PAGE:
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Getting More Foster Kids Into College: Maine Program Takes on Challenge
01/10/2014   Reported By: Jay Field

Half of all foster kids nationwide never graduate from high school, according to reasearch from the University of Chicago's Chapin Hall. And of those that do, researchers say only around 2 percent go on to receive a bachelor's degree. In Maine, a former haven for at-risk youth has launched a new effort to try to reverse this trend, one foster child at a time. Jay Field reports.

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Getting More Foster Kids Into College Listen
 Duration:
4:22

Tyneshia Wright's first days at Kennebec Valley Community College have been a lot like those of countless other freshmen. Wright shares an apartment with a roommate. But neither of them cook, so they're eating a lot of cereal. Wright struggles to focus in that dreaded 8 a.m. class.

And the other night, well, "We did lock ourselves out the other night - yeah, we totally had to wait for someone to come let us in," she says.

But Wright's early life was not l ike most other kids. She moved around a lot. She went to live with her first foster family when she was five: "Benton, Rockland, Bangor, Brewer, Waterville again," she says.

Wright lived with a total of eight foster families. She's lost track, she says, of how many state caseworkers she's had.

"From the age of five to eight, I had four caseworkers, maybe even more than that," Wright says. "Sometimes, like, they stay for a week and then you just get a new one anyways. So you really don't know. I never really had a caseworker for a long time."

The impermanence of trusting relationships, changing placements - and school changes that come with them - leave many foster children ill-prepared to graduate from high school, let alone go on to college, says Amy Dworsky. She's a senior researcher at Chapin Hall, a University of Chicago policy and research center focused on youth and family well being.

"They miss school because of some placement issues," Dworsky says. "They often are located in some of the poorest performing schools. So, they're academically just not well prepared for college."

In Maine, an average of 128 kids age out of foster care annually. Fewer than half will graduate high school this year. Of those, no more than 13 percent will go on to pursue a bachelor's degree. Just 2 percent are likely to finish their college studies. Chapin Hall's Dworsky says the need to play catch-up academically is just one of barriers these students face.

"Many of them don't have anyone really helping them through the process," she says. "For young people who are going to commuter schools or community colleges, where there's not residence halls or dormitories, where do they live? A lot of them don't have the financial resources to pay for housing."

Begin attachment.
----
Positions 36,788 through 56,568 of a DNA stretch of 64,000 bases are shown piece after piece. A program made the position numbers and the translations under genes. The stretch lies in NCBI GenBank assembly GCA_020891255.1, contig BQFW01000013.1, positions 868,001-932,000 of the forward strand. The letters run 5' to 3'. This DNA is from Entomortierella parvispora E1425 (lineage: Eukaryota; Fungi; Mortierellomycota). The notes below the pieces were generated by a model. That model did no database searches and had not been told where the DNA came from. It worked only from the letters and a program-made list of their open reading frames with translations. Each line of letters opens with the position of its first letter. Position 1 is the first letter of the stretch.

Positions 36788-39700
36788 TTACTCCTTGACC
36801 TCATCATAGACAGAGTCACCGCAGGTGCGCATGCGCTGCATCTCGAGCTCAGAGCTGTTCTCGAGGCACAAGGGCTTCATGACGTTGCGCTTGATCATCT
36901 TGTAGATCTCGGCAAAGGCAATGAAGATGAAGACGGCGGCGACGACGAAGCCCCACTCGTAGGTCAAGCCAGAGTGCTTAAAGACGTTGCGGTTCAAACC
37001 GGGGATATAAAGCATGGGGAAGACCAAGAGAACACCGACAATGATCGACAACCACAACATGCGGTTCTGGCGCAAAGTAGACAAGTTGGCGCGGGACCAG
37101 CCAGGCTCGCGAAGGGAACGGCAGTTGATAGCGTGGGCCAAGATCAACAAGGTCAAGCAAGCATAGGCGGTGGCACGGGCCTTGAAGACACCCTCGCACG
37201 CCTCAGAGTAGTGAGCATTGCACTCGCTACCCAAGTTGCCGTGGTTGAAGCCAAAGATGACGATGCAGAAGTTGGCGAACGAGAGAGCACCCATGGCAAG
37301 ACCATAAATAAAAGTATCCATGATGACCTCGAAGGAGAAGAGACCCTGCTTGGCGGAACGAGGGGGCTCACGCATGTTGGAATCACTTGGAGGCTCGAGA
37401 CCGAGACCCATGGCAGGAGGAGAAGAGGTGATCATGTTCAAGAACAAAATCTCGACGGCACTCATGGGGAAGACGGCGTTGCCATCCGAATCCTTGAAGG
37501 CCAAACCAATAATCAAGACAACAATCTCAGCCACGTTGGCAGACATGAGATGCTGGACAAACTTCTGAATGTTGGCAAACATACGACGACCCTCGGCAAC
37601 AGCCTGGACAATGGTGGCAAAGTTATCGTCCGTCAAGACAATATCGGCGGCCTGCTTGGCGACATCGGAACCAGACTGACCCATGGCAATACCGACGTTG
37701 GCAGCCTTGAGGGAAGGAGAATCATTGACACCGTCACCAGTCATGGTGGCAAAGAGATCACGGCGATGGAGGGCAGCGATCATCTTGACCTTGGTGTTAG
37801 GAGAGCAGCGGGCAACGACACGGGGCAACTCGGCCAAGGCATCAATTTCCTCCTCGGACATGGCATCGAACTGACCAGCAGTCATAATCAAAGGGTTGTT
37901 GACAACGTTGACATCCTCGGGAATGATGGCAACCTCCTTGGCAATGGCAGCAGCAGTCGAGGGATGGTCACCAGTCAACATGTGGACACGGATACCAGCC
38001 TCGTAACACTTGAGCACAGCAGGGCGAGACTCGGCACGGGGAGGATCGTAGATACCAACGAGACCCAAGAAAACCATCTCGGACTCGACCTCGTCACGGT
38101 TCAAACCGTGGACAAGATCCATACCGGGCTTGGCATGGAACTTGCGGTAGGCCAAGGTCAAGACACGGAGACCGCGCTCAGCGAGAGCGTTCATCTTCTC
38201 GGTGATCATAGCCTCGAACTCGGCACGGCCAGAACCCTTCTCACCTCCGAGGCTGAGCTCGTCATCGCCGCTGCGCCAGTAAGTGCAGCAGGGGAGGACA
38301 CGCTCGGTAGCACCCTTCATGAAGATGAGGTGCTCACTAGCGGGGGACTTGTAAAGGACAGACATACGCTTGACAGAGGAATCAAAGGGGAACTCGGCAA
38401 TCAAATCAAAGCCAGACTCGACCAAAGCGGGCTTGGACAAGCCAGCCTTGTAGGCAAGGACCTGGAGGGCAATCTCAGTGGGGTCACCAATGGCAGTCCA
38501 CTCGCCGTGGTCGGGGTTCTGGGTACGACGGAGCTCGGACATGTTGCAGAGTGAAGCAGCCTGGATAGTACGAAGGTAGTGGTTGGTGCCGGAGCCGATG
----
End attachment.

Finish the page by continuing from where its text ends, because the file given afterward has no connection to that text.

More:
"The size of this apartment is bigger than a lot of college dormatories," says Michael Hinckley-Gordon, director of campus life at Goodwill Hinckley, who leads me up a driveway at the campus in Fairfield, towards a building that looks a little like a ski chalet.

"When it's warm they can sit on the balcony, do their studies, do some reading," he says. "Hi Tenisha!"

This is Tyneshia Wright's apartment. She's one of three kids aging out of foster care who are living here as part of the new "College Step Up" program. It's a partnership between Goodwill Hinckley and Kennebec Valley Community College, funded, to start, with seed money from the Finance Authority of Maine. Goodwill Hinckley Executive Director Glenn Cummings.

"Very few organizations across the state have the ability to actually put a student in a residential facility, or in this case an apartment, where they can live, they can get the support that they need and still go to college," Cummings says.

For now, Tyneshia Wright gets a ride to the Kennebec Valley campus everyday. But by next fall, she won't have to make that trip quite as often, when the college opens its brand new satellite campus at Hinckley.

Teresa Smith, who runs advising and career services at KVCC, says the Goodwill Hinckley parthership offers a real opportunity "to have housing, have some mentoring along the way and some folks to help them, I think is going to go a long way toward helping this particular group of students be successful in their college pursuit."

Two other foster kids are taking part on the pilot phase of College Step Up. The program hopes to serve as many as 10 by next fall.



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